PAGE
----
Give the Task a name, you will need to remember it for the next step. Make sure the task is run with an administrative account and is run whether the user is logged on or not.
There are no Triggers to setup here. This Task will actually be triggered through the Perfmon Counter Alert we will set up in Step 3.
On the Action tab you want to define a new action. The action will be to Start a Program and use the following inputs, please adjust for your specific environment.
Add Arguments: -File C:\PowerShell\AlertEMail.ps1 $(Arg0)
Next, set your Conditions and Settings Tabs to the following settings as I did for this purpose. If need be, you might need to set them differently, but these settings should work just fine.
Step 3 – Create the Alert Trigger in Performance Monitor
Open Performance Monitor and Create a new Data Collector Set under Data Collector Sets > User Defined
I needed to monitor the Total % Processor Time for all processors on the server combined, so I set the counter to monitor from the available counters.
I then set the threshold to Alert when the processor is over 95% with Processor Time. I also let it run as the System account, and then saved the settings:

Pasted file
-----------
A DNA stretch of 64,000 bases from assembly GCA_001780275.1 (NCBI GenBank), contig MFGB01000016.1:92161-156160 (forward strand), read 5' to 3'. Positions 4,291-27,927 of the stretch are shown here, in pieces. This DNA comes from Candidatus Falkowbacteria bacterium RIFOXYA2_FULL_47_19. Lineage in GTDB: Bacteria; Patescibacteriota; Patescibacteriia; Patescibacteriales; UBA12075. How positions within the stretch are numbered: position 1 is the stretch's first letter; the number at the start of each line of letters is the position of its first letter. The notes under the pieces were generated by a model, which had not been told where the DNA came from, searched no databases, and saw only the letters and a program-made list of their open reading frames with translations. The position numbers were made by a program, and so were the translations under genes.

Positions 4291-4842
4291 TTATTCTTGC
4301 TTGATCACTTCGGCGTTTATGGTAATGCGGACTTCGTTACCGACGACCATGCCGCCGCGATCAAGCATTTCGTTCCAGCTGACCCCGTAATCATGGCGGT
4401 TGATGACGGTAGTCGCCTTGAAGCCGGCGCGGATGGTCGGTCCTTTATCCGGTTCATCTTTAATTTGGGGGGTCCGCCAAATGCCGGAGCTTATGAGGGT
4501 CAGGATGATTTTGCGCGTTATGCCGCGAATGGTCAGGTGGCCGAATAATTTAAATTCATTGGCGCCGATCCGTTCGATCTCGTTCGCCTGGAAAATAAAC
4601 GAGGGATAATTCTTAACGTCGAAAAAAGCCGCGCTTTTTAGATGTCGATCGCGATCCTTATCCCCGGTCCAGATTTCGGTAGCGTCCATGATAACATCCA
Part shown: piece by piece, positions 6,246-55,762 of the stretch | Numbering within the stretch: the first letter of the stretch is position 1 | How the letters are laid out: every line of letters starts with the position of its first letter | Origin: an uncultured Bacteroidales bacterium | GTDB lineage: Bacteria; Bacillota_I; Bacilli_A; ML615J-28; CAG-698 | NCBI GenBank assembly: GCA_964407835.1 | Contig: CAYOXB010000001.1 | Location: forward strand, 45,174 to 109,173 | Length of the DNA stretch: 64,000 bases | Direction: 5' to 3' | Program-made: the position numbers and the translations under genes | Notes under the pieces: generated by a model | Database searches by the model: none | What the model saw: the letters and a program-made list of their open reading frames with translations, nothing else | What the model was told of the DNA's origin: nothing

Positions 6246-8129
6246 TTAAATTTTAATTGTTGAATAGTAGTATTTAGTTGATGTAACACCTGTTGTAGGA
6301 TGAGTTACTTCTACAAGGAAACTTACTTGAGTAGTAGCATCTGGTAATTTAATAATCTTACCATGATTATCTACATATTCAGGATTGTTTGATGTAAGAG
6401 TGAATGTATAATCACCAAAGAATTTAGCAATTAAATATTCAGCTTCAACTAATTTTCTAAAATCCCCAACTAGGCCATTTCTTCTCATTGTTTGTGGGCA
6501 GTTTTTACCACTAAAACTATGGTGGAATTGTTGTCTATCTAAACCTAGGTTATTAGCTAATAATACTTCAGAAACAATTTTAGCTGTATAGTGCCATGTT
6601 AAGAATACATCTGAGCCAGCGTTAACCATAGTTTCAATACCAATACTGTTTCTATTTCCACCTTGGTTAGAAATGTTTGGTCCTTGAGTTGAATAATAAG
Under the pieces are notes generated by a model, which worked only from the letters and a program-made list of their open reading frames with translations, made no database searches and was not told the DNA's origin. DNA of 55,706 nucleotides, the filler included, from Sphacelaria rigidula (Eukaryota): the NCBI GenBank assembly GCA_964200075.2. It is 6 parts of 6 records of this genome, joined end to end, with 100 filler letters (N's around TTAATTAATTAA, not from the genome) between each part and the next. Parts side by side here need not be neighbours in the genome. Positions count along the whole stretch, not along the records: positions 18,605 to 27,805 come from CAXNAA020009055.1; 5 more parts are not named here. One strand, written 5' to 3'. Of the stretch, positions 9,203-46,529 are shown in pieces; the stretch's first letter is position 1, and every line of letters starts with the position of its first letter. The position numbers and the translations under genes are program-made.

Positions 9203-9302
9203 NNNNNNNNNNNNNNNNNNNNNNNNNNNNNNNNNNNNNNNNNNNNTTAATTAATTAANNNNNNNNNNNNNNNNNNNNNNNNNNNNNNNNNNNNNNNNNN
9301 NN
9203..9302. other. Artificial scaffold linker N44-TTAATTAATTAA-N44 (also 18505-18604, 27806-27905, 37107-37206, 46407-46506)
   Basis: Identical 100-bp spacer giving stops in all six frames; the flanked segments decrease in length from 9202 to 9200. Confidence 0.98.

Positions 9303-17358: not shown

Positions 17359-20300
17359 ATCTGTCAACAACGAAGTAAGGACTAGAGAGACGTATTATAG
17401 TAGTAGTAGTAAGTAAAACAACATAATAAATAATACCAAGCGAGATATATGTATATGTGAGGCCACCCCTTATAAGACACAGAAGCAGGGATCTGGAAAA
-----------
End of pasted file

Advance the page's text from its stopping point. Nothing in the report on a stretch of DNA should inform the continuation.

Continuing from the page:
Once you have created the Data Collector Set go into the Properties of it and make sure the Alerting threshold and Sample Interval is set properly for each Performance Counter. Keep in mind, if you sample every 10 seconds then you should expect to receive an email every 10 seconds as long as the performance counter exceeds the threshold you set. I set my Sample Interval to 2 minutes so that if the percentage stays above 95% over that long of a time interval, I should take a look at the server and see what process is pegging the CPU:
If you select the Log an entry in the application event log don’t expect to see any entries in the normal Application event log. It will be written to the Microsoft-Windows-Diagnosis-PLA/Operational log in the Application and Services log directory.
Finally, we have to set an Alert Task that will trigger the Scheduled Task (AlertEMail) that we created in Step 2. You see that we also pass some of the Task arguments which are used by the PowerShell script to customize the email with the exact error condition associated with the Alert:
Once the Data Collector is configured properly you will want to start it.
If you configured everything correctly you should start receiving emails any time that alert threshold is surpassed. I also manually ran the script once from PowerShell with no Argument Data just to make sure the script would generate the email to my E-Mail Address.
Step 4 – Set the Data Collector Set to run upon server startup.
You now have one more step. Whenever you reboot a server the Perfmon Counter Alert will not start automatically. In order to survive a reboot you must run the following at a command prompt.
Note: “Processor Usage Alert” referenced in the script below is the name of my user defined Data Collector Set.
schtasks /create /tn 'Processor Usage Alert' /sc onstart /tr "logman start 'Processor Usage Alert'" /ru system
I now have a simple way to monitor my Web Server should this event happen again with the processor being pegged over a two minute period.